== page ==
PETITION TO RETAIN THE NAME OF BALBO DRIVE This petition is in response to an earlier petition initiated by a group of individuals who identify themselves as educators, and to a subsequent editorial in the Chicago Tribune on 06/27/2011 endorsing the petition’s objective. The petition and the editorial call for the name of the street known as Balbo Drive to be changed.
We the undersigned, in view of the facts outlined below, call upon Mayor Rahm Emanuel and all members of the Chicago City Council to permanently retain the name of the Chicago street known as Balbo Drive.
Originally known as 7th Street, the street was re-named to honor General Italo Balbo in 1933 by resolution of the Chicago City Council as a perpetual commemoration of the unprecedented transatlantic flight of an entire squadron of 24 aircraft from Italy to Chicago’s Century of Progress World’s Fair of that year.
At that time, Balbo was chief of the Royal Italian Air Force (Regia Aeronautica). The transatlantic crossing was rightly recognized as one of the most important and best executed aeronautical achievements of that time, having made a valuable contribution toward the future realization of routine intercontinental air travel and to technological progress in general.
The street, therefore, not only honors the organizer and commander of that enterprise, but the enterprise itself and the role played by the City of Chicago, a major hub in global aviation, in that historic event.
The street also commemorates an occasion of incomparable significance to Chicago’s Italian American community which took, and continues to take, justifiable pride in this triumph of Italian aviation. To support our position, is essential that the distortions, falsehoods implied or directly propagated in the earlier above-referenced petition and Chicago Tribune editorial be directly addressed.
• Italo Balbo was a consistent opponent and vocal critic of Italy’s alliance with Nazi Germany.
• Italo Balbo was a consistent opponent and vocal critic of anti-Semitism.
• Italo Balbo was opposed to Italy’s participation in The Second World War on the side of Nazi Germany.
• Italo Balbo was a well respected and honorable colonial administrator as Governor of Libya. Contrary to the blatantly false claims in the original petition, Balbo never supervised or operated concentration camps in Libya or anywhere else.
• Italo Balbo was an Italian patriot and anti-Communist who endured completely unfounded accusations by his political opponents.
• Italo Balbo was never an enemy of the United States.
Quite to the contrary Balbo was considered with highest regard by Americans at the time of his death (1940), nearly half a year before a state of war between the US and the Kingdom of Italy was declared.
However, it should be noted that the British, who were indeed at war with the Italians at that time, responded to news of Balbo’s death with an unprecedented wartime gesture of respect, sorrow and regret, with Commander Arthur Longmore, Chief of the British Air Force in the Middle East, immediately dispatching the following message across the Italian lines in Libya: “The British Royal Air Force expresses sympathy in the death of General Balbo, a leader and gallant aviator personally known by me, whom fate has placed on the other side”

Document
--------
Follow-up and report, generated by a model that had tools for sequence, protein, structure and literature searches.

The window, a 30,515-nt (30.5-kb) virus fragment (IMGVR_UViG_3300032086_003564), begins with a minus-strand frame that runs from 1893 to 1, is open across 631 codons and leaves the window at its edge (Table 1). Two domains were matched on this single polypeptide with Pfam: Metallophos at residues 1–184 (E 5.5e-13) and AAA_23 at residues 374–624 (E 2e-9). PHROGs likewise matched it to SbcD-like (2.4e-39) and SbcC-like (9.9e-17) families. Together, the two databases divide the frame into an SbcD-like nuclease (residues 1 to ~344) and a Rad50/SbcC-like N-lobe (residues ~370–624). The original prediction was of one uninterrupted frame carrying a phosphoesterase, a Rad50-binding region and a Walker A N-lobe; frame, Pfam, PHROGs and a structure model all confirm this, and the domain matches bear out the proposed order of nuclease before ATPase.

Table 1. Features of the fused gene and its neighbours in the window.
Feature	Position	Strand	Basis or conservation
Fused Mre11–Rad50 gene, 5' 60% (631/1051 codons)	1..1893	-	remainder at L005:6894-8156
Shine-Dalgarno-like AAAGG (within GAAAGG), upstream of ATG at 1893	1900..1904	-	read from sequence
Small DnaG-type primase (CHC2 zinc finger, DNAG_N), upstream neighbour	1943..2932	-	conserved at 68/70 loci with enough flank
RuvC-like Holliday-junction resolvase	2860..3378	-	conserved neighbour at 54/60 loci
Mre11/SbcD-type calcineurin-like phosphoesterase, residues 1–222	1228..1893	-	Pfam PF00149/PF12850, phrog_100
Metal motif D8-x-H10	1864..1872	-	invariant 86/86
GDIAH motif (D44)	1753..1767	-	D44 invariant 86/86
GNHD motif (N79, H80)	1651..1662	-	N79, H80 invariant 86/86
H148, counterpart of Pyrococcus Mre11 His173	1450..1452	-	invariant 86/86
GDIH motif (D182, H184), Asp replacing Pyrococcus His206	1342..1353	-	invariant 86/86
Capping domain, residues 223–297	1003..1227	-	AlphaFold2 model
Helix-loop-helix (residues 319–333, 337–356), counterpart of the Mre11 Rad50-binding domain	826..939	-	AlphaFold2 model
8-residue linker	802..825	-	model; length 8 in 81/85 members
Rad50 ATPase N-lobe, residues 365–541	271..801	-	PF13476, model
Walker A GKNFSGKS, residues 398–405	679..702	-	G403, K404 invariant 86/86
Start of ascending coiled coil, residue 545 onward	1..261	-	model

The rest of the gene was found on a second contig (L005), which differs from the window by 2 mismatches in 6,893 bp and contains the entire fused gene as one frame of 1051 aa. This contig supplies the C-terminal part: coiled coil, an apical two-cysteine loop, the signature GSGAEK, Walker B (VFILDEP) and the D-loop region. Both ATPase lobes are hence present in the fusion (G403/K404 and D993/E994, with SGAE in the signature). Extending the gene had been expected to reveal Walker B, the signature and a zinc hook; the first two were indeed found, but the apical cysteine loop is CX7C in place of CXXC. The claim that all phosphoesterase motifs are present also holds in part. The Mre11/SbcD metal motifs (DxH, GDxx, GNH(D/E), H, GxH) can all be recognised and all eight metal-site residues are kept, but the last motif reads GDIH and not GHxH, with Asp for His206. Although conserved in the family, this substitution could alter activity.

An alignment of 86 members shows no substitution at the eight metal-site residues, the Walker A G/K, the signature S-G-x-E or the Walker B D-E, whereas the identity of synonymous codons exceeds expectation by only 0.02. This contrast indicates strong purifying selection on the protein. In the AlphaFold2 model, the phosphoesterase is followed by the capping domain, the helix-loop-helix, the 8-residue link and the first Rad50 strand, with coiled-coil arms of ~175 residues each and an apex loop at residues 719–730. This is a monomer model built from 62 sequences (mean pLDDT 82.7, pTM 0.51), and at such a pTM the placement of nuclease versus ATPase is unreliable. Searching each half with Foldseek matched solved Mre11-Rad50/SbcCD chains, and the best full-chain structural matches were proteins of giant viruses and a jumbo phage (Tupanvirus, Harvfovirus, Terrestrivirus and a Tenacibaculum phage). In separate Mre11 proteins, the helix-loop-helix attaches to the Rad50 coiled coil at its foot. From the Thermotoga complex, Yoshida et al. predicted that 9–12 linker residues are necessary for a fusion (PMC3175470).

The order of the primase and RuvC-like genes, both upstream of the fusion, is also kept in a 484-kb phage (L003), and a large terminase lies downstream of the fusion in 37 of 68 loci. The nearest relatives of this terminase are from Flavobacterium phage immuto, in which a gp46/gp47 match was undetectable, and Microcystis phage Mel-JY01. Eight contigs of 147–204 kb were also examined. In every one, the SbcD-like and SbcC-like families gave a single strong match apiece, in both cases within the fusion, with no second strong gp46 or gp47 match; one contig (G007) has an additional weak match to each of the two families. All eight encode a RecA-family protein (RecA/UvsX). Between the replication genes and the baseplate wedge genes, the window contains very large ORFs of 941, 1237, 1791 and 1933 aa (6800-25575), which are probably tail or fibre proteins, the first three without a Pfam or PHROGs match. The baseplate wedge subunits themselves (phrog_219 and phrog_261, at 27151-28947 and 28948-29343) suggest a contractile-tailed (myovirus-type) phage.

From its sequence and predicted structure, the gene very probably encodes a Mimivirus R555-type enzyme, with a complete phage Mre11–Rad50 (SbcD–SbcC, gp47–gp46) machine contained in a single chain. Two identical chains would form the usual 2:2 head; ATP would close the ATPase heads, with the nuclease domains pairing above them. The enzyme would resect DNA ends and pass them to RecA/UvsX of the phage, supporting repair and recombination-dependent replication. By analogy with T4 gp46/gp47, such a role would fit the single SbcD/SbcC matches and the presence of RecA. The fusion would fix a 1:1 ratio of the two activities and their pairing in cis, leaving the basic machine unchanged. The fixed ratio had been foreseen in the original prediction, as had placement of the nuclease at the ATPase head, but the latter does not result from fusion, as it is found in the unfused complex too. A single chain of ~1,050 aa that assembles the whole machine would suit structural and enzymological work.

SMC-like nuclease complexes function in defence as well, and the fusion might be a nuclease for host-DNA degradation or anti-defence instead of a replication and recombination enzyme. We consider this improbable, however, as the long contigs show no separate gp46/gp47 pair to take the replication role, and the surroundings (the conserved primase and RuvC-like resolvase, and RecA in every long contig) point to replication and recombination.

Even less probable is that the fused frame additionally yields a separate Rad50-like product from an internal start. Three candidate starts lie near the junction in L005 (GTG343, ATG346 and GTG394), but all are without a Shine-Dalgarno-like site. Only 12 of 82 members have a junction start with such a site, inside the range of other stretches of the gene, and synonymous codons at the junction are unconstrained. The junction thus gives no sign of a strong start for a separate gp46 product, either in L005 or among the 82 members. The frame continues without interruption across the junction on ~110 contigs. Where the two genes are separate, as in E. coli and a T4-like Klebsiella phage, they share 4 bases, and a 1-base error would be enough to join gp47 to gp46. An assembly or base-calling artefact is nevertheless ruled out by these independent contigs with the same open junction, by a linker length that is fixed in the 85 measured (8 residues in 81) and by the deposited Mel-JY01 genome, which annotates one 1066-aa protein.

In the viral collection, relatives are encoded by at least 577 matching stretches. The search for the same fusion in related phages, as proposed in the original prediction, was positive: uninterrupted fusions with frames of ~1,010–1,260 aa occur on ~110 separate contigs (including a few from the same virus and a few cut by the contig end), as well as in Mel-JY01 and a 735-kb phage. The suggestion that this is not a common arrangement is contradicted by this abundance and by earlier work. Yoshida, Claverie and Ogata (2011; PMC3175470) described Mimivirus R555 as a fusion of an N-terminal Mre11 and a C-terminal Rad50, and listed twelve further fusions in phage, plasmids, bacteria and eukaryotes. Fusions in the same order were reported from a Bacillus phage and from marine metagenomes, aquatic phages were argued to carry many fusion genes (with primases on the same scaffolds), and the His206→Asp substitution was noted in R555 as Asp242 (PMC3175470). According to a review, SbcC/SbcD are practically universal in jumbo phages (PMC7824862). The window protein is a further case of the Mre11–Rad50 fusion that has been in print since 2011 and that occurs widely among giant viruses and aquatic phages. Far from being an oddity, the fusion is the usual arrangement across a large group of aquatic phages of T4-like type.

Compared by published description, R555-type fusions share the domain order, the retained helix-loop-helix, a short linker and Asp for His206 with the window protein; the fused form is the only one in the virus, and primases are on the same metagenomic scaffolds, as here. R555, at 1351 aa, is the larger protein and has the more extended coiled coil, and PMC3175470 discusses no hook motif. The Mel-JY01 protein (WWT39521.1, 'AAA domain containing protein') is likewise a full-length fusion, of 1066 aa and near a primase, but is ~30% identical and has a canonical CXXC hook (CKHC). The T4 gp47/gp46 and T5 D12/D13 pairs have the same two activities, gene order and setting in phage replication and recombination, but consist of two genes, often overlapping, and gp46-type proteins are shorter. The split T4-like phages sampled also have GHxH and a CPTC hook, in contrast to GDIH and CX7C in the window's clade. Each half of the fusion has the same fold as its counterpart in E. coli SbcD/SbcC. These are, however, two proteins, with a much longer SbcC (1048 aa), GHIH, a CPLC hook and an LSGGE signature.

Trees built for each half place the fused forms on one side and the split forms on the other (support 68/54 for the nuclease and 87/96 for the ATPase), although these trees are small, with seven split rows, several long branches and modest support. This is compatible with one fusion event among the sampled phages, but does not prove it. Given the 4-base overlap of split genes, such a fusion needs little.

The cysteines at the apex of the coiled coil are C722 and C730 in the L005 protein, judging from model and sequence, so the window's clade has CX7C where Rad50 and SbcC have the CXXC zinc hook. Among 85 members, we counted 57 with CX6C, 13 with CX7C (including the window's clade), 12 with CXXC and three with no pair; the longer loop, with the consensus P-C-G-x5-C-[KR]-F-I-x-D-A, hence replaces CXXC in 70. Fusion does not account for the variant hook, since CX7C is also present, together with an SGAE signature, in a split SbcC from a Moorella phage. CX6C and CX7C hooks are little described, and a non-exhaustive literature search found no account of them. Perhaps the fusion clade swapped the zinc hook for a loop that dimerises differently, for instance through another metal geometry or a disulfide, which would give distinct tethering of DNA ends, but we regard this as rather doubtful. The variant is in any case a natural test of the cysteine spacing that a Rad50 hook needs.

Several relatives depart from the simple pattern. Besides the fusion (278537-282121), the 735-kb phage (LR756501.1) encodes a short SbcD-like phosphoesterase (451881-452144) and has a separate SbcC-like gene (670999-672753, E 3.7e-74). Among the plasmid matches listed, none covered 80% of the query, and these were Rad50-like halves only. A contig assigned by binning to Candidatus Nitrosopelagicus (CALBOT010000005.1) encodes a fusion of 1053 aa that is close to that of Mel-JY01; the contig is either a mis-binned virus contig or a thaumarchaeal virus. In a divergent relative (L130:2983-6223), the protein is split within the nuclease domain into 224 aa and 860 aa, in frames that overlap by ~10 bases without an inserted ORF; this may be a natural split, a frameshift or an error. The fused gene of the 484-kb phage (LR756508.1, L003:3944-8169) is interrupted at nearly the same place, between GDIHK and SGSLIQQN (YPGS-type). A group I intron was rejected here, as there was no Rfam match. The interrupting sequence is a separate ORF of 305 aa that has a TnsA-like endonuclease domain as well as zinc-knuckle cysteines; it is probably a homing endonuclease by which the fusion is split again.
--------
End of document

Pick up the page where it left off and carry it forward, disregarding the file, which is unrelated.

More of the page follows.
Clearly, and regardless of a state of belligerency, the British still considered Italo Balbo as a person worthy of honor and great respect. Italo Balbo was received and honored not only by Illinois Governor Henry Horner, Chicago Mayor Edward Kelly, and literally every other prominent public figure in the City of Chicago, but also those of the City and State of New York, and even President Roosevelt himself.
Contrary to today’s unfounded revisionism, none of them, not even the President, hesitated to personally greet Balbo and hail him as a hero. At the time of his transatlantic flight even The Chicago Tribune, (ironically enough, given its recent editorial) expressed only praise and admiration in its assessment of General Balbo and his remarkable achievement.
Finally, the petition falsely asserts that “in Italy itself, in which Italo Balbo’s crimes are well known, no streets are named after him”.
In fact, there are numerous streets named after Italo Balbo in towns and cities across Italy, including Messina (Sicily), Falcone (Sicily), Pozzuoli (Campagna), Baiano (Campagna), Gerace (Calabria), Tufara (Molise), Itri (Lazio), Villaurbano (Sardegna), Minturno (Lazio), Montepaone (Calabria), and others. Further, a section of Ciampino Airport in Rome is named Piazzale Italo Balbo.
In light of these undeniable facts it is obvious that opponents of maintaining Balbo Drive seek to distort history for their own socio-political beliefs.
Consequently, we the undersigned believe that the decision to eradicate a part of Chicago history dishonors our city and should not be condoned.
Don Fiore - William Dal Cerro - Rosario Iaconis
ITALIC INSTITUTE OF AMERICA